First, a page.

Timeless beauty. Four celebs reveal their healthy attitudes to looking fabulous at any age.
In your twenties:
The 23-year-old actress has always been stubborn, but her famed straight-shooting personality still hasn’t stopped others trying to tell her to drop a few kilograms. The gorgeous 61kg star has admitted to feeling pressured by those in the industry to lose weight as a teenager, and was outrageously told that she was “fat” earlier in her career, before shooting to stardom through her roles in The Hunger Games movies, and her Oscar-winning performance in Silver Linings Playbook.
“It was just that kind of s*** that actresses have to go through,” she told Harper’s Baazar magazine. “Somebody told me I was fat, that I was going to get fired if I didn’t lose a certain amount of weight. They brought in pictures of me when I was basically naked, and said to use them as motivation for my diet.” Although the words hurt at the time, Jennifer now has the confidence to deal with negative comments.
“If anyone even tries to whisper the word diet, I’m like, you can go **** yourself,” she says. Jennifer faced criticism when she was cast as heroine Katniss Everdeen in The Hunger Games – the second instalment of which is due out in December, as she was deemed too “big boned” play the half-starved tribute. The actress laughed off the jibes at the time, telling a friend that it was “hilarious”.
In your thirties:
The British actress has long been the face of the “normal” woman, and she’s showing no signs of changing.
While many pregnant women are terrified of weight gain, Kate, who is due this month, has said that having a perfect body just isn’t that important to her.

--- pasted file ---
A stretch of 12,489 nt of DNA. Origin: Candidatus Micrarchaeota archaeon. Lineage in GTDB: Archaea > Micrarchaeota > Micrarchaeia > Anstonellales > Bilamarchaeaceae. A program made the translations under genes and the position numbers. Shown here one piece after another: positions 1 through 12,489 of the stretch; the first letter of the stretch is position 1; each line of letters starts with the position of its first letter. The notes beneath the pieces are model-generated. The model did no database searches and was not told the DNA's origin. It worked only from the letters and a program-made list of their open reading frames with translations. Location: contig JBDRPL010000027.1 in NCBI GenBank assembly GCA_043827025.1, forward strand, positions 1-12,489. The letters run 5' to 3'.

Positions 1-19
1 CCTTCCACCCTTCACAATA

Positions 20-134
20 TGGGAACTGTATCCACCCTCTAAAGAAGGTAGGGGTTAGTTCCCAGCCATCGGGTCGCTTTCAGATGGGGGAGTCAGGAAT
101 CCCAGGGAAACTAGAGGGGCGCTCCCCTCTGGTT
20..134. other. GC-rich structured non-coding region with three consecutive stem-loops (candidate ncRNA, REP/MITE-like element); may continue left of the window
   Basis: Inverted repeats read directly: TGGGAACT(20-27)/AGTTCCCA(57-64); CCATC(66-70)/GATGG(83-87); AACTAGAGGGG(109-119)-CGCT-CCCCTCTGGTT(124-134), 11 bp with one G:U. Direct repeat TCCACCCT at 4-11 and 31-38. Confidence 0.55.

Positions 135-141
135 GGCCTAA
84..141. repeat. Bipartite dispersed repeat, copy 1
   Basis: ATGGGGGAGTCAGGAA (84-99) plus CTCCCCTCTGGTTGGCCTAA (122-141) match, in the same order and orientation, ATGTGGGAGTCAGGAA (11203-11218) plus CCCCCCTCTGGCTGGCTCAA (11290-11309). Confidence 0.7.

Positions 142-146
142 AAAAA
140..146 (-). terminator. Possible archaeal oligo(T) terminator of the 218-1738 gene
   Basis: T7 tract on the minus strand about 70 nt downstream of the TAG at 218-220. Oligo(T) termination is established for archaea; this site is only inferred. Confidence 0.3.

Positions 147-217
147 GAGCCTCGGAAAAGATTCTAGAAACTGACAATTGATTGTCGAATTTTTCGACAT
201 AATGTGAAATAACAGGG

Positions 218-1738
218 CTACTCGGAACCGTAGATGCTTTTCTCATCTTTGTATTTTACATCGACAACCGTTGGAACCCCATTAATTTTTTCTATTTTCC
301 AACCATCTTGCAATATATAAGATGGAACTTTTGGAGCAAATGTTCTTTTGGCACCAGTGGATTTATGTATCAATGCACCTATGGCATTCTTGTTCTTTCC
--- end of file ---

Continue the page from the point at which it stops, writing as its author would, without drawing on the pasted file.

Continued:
“Look, I’m 37 years old. We have one life. I don’t want to spend my time thinking about the size of my arse,” she told UK magazine Time Out.
“I want to be as healthy as I can be, and I want to have as much fun as I can have. I want to be around for my children. That’s it. Those are the priorities. Not getting a flat stomach.”
Kate, who is a spokesperson for Body Heart, an organisation that encourages women to embrace the skin they’re in, makes sure she tells daughter Mia to love her body.
“As a child, I never heard one woman say to me, ‘I love my body.’ Not my mother, my elder sister, my best friend. So, I make sure to say it to Mia, because a positive physical outlook has to start at an early age.”
In your fifties:
She hasn’t closed the book completely on a “little bit of help”, but 55-year-old Michelle agrees that the pressure she used to feel to stay youthful is behind her.
Speaking to Ladies Home Journal last month, the Scarface star said, “Having to watch yourself age on a giant movie screen is simply not natural. It can wreak havoc on your psyche. My dermatologist said to me once, ‘You know that 10 x magnifying mirror that you have in the bathroom? Throw it away.’ It was the best advice anyone ever gave me. Of course, now my eyes are weaker and I can’t see to put my make-up on without that mirror!”
Although she’s open to surgery, Michelle finds it sad when “people don’t look like themselves anymore”. But says, “Once you get over a certain hump, there actually is less pressure. I’ve moved over to that other side – I’m 55, which is a little too close to 60, but looking great for my age is okay now,” she said.
In your sixties: